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J Youth Adolesc. 1988 Aug;17(4):307-16. doi: 10.1007/BF01537672.

Social support and self-esteem in adolescence.

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Department of Psychology, Bar Ilan University, Ramat Gan, Israel.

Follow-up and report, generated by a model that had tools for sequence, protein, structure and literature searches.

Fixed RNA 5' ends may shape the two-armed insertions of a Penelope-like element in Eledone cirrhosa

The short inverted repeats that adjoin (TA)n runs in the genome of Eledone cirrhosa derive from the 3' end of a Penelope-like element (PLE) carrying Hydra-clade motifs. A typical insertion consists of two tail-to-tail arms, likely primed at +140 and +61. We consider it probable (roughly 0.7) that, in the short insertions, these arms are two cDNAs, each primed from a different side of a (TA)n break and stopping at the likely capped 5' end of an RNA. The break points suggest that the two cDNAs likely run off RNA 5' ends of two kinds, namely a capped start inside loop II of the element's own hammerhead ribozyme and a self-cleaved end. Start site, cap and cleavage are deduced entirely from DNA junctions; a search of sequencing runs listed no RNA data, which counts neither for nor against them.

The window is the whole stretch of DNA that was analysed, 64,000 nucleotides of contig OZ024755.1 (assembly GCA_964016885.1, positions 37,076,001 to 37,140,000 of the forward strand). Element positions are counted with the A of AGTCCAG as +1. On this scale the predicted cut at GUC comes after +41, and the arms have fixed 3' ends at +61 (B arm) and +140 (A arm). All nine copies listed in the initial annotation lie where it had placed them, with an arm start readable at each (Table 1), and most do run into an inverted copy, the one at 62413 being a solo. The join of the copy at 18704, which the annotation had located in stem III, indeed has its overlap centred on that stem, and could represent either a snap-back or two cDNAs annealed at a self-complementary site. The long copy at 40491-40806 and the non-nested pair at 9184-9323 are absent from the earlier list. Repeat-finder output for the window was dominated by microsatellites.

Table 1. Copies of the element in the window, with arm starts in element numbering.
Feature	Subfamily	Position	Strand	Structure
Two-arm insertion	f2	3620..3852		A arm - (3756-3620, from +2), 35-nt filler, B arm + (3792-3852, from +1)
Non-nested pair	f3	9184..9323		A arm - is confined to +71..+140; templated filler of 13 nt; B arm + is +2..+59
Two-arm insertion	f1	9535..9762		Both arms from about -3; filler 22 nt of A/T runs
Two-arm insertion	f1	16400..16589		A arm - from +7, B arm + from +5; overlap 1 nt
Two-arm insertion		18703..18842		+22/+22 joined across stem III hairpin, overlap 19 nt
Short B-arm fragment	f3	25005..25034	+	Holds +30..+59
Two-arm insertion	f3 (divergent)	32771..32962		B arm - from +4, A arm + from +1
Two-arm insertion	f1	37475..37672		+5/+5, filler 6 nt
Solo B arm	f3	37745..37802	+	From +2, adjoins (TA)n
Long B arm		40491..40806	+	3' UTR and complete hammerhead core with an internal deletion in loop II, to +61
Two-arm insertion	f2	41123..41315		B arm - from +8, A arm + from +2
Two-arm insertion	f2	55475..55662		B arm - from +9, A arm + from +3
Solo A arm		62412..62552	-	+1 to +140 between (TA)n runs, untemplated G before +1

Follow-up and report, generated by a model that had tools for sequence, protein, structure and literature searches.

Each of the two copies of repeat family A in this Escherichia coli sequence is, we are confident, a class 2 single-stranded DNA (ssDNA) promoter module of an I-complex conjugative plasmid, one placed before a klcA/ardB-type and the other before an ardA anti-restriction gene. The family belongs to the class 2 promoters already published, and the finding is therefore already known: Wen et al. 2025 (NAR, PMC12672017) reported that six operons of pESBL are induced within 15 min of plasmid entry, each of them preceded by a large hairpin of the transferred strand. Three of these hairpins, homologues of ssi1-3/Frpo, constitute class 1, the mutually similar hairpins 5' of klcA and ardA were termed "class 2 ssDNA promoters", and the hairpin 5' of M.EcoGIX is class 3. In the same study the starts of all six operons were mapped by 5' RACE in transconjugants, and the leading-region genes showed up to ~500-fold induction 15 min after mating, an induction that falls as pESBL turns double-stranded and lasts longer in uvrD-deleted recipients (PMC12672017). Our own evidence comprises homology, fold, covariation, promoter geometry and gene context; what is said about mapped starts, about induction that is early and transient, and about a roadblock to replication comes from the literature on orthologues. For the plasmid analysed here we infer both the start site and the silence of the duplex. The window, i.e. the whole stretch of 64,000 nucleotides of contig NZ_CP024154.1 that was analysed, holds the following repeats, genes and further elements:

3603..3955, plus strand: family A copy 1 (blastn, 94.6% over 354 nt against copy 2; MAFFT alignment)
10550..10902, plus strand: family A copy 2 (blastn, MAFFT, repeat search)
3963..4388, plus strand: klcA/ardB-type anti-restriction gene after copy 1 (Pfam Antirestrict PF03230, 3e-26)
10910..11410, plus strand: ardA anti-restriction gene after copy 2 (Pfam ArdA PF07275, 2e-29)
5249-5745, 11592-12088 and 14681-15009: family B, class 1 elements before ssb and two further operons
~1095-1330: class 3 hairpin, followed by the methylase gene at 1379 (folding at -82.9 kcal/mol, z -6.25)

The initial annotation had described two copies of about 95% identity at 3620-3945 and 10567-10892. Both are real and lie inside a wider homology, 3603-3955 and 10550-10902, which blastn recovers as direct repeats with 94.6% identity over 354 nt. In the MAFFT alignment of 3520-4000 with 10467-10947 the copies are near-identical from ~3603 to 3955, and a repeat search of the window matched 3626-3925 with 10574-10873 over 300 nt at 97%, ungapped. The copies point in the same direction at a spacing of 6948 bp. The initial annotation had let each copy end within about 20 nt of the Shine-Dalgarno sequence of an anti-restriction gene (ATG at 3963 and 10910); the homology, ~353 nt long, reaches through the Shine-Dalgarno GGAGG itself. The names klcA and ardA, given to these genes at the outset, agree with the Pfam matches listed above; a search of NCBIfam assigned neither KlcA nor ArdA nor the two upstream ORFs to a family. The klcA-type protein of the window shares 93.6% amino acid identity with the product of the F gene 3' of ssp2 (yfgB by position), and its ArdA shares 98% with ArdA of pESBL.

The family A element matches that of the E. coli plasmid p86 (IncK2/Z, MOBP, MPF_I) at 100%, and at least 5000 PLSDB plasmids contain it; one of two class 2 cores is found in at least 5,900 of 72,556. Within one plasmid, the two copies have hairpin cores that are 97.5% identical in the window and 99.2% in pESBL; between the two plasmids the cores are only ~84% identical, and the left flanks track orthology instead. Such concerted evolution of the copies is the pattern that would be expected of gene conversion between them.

This study assessed contingencies in the effect of social support from parents and friends on adolescent self-esteem. Questionnaires were administered to 76 Israeli adolescents regarding self-esteem, stressful life events, and perceived level of support from mother, father, and friends. Maternal support had a strong effect on self-esteem. Aid from friends was influential primarily when that of mothers was absent. Paternal support had little effect, once other support sources were controlled. Despite the negative influence of stress on self-esteem, support and stress had no interactive effects. These findings, consistent with attachment theory and social provision theories, were contrary to cross-pressure or separate world models of peer/parent influence.


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